For the Birds Radio Program: Tower Kills
On May 24, a major bird kill happened at a lighted tower at the Carlos Avery Wildlife Management Area.
On the night of May 24, migrating songbirds were pressing north through Minnesota. Most songbirds migrate by night, using stars to find their way. They don’t have good night vision—probably comparable to ours, or even a bit worse. But stars stand out in bold relief in the night sky, and as long as parts of the sky are in view, the star chart they memorized as tiny nestlings shows the way. Because they have such poor night vision, they migrate at high enough altitudes to be well above natural hazards such as trees, even atop hills and mountains.
Unfortunately, May 24 was a foggy night, blocking any view of the stars. Without their celestial navigation system, the migrants were confused and disoriented. As they flew above the Carlos Avery Wildlife Management Area, suddenly large numbers of them caught sight of a red light blinking in their airspace, as if to show them the way, and they drew closer and closer. But once they got into the lighted halo around the light, they didn’t know where to turn, so they milled around. Some collided with each other. Others crashed into guy wires or the tower itself. In the morning, there were hundreds, perhaps thousands, of dead and dying birds beneath the tower. Birds weighing a quarter or a third of an ounce are hard for us humans to find in tall grasses, but rats, ground squirrels, crows, gulls, foxes, coyotes, and feral cats, alerted by any crippled birds fluttering or peeping below the towers, find a smorgasbord of tasty treats and make quick work of the dead and wounded. If people arrive on the scene after sunrise, there is often little or no evidence of the carnage. So most tower kills such as this go completely undetected. But this time someone noticed dead birds at the Wildlife Management Area and alerted the Minnesota DNR D.N.R. workers collected 385 birds on the morning of May 25, and the next morning found another 34.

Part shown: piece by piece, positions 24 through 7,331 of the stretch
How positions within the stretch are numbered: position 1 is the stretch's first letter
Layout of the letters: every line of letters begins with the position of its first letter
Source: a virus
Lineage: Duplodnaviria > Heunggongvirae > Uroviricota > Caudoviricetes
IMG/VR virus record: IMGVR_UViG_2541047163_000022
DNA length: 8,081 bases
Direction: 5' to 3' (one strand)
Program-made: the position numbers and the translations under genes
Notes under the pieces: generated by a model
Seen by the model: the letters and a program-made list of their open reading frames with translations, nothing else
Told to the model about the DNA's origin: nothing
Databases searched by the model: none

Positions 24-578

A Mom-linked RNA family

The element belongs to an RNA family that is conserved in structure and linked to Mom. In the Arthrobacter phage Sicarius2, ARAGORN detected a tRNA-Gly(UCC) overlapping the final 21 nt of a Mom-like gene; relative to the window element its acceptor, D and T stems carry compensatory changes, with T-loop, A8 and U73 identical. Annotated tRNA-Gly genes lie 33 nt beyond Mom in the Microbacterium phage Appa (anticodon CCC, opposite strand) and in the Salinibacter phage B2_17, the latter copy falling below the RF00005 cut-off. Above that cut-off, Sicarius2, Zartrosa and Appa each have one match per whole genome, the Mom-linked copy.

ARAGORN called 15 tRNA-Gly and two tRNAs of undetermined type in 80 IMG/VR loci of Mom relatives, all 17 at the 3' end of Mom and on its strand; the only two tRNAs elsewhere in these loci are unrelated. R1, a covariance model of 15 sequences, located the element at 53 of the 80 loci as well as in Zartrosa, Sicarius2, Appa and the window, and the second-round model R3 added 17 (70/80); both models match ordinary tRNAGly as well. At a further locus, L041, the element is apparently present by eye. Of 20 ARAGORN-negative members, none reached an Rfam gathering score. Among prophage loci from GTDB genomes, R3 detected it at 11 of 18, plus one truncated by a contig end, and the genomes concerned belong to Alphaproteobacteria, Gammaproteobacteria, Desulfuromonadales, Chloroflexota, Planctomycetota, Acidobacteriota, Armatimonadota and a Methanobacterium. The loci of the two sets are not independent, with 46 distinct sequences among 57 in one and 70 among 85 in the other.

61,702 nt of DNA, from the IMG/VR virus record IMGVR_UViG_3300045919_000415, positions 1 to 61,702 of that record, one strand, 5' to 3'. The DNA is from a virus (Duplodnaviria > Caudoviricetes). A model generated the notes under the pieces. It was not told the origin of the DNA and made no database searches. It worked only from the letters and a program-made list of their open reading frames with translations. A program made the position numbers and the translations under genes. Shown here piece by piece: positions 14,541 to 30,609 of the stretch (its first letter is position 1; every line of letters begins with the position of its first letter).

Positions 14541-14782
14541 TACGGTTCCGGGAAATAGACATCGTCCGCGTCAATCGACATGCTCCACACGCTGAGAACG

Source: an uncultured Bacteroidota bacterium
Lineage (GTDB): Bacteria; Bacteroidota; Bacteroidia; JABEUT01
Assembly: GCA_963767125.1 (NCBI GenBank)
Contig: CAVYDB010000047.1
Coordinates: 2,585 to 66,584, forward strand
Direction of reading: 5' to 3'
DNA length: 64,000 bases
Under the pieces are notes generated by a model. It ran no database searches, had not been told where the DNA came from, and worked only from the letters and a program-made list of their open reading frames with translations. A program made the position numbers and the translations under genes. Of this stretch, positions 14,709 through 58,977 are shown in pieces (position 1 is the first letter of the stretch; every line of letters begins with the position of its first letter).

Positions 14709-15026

The list of the dead birds at this kill is pretty much a random assortment of late-spring migrants. Birds found in the biggest numbers were Tennessee and Yellow Warblers, Red-eyed Vireos, Swainson’s Thrushes, Common Yellowthroats, and American Redstarts, but the total included 15 species of warblers and five vireos, and Scarlet Tanagers and a Baltimore Oriole.
Of course, most nights, individual towers don’t kill a single bird, and some kill birds only once in a decade or more. Only when foggy weather coincides with a major migration movement do towers kill more than a handful of birds at a time, and except for a few towers in the US that are closely monitored, even large kills usually go undetected. Radio and TV stations, cell phone companies, and communications tower construction companies do their best to keep the public in the dark about the birds killed at towers. But tower kills can be far more devastating than the one in Anoka County. A single TV tower in Eau Claire, Wisconsin, killed 20,000 birds on a foggy September night in 1957, and the same tower took out 35,000 birds on a foggy weekend in September, 1963. The US Fish and Wildlife Service estimates that millions of birds are killed every year at communications towers. The problem has been recognized for at least 60 years. But birds are hardly effective lobbyists and can’t vote, so there has been little research done about the situation, especially in recent decades. It’s quite possible that different color lights, or a different flash pattern, could reduce or even eliminate the kills, but until people demand this, nothing will be done. I look out my window at my Scarlet Tanagers and thrill that these birds, hatched in Minnesota at least a year ago, have made at least one trip down to South America, through a maze of large cities, towers, pesticide-laden forests, and natural predators, and came all the way back again, and feel a deep sadness about the tanagers that died at this tower, after enduring the hardships and surviving so many hazards, only to die in the final stretch in such a meaningless way. You can find more information about towerkills and the US Fish and Wildlife Service’s recommendations for at least minimizing the problem at www.towerkill.com.